Feb. 27, 2003 It is natural to suppose that conducting the same tests, with the same strain of mice and the same protocols on identical equipment but in different labs will ensure similar results. A University of Alberta researcher and his team have found that assumption not to be true--fuelling the nature vs. nurture debate and shedding some light on the importance of environmental factors in experiments.
Dr. Douglas Wahlsten, from the Department of Psychology, is part of a research team that use mice who share the same genetic make-up to study the relationship among an animal's genetics, environment, and behaviour.
In a recent study to determine which kinds of tests done in different laboratories--in Alberta and Oregon--give the same results--Wahlsten and the research team first taught the mice how to use a particular apparatus and then tested motor co-ordination under the influence of alcohol.
They found that the effects of alcohol produced the same results but where the mice differed was in the psychological part of the experiment, when the mice had to learn how to use the equipment. The possible environmental differences that could cause these effects, said Wahlsten, range from the odour in the air, the business of the lab or how the experimenter conducts the test.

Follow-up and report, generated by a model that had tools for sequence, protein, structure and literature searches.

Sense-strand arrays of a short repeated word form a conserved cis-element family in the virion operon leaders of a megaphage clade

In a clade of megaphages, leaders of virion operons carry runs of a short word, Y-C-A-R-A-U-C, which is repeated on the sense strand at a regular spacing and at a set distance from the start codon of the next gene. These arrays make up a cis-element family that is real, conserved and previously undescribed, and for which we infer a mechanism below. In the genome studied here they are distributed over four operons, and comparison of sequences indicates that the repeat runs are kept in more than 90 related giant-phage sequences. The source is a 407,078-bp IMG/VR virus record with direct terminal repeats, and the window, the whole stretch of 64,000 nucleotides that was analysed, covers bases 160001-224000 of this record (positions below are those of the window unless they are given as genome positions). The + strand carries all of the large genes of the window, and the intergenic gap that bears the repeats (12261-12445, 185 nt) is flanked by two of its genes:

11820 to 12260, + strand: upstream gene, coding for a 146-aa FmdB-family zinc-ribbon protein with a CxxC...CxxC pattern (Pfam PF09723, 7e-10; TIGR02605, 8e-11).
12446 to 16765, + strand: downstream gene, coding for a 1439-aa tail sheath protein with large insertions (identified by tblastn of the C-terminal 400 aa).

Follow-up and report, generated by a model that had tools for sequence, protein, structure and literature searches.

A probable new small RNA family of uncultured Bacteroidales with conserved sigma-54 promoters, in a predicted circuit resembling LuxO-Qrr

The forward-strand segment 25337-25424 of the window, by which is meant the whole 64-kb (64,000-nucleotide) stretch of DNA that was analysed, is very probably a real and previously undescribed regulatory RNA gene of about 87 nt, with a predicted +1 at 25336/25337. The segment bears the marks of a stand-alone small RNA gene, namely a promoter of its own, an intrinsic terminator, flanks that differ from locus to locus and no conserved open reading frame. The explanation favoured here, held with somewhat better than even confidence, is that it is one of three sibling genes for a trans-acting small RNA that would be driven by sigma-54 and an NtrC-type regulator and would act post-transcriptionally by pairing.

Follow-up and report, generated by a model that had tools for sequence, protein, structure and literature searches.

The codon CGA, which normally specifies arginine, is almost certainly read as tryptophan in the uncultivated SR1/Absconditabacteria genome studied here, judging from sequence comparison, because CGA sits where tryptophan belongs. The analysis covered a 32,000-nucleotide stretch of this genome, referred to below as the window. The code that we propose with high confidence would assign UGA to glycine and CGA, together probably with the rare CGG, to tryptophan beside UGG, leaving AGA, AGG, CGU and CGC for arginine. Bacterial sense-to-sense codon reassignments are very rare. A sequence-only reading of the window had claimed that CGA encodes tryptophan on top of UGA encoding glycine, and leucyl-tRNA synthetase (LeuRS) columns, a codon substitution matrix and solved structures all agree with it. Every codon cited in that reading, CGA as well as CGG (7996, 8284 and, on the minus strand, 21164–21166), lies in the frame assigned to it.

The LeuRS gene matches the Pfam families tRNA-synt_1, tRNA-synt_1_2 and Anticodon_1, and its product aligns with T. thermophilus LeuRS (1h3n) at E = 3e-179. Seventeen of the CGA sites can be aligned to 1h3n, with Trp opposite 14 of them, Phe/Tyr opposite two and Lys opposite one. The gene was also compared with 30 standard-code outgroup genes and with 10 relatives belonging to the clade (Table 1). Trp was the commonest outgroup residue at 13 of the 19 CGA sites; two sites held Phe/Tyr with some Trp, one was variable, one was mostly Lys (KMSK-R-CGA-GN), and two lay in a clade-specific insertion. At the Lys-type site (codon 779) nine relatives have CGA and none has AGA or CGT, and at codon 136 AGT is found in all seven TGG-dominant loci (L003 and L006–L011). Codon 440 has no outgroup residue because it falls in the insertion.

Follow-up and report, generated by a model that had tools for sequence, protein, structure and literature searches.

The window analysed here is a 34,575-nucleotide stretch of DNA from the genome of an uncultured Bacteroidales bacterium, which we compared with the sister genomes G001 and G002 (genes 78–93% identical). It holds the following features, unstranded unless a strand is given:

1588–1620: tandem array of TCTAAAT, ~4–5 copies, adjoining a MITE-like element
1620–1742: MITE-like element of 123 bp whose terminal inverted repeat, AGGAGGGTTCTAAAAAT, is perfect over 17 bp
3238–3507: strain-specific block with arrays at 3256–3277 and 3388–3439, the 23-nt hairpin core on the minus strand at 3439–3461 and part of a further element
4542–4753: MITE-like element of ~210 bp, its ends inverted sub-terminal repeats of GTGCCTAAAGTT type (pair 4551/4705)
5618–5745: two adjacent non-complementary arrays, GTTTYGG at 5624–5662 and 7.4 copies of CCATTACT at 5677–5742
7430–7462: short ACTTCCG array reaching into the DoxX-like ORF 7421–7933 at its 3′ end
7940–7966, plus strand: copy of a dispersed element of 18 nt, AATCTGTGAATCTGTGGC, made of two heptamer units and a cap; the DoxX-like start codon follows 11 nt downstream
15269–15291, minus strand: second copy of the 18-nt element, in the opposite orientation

Wahlsten said if something as simple as an unpleasant smell can have a strong effect on a mouse's behaviour, the complex environment in which a person grows up must have an enormous effect on his or her apparent intelligence. What may appear to be seemingly small factors that don't seem to matter in behaviour obviously do, said Wahlsten. His research appears in the journal Proceedings of the National Academy of Sciences.
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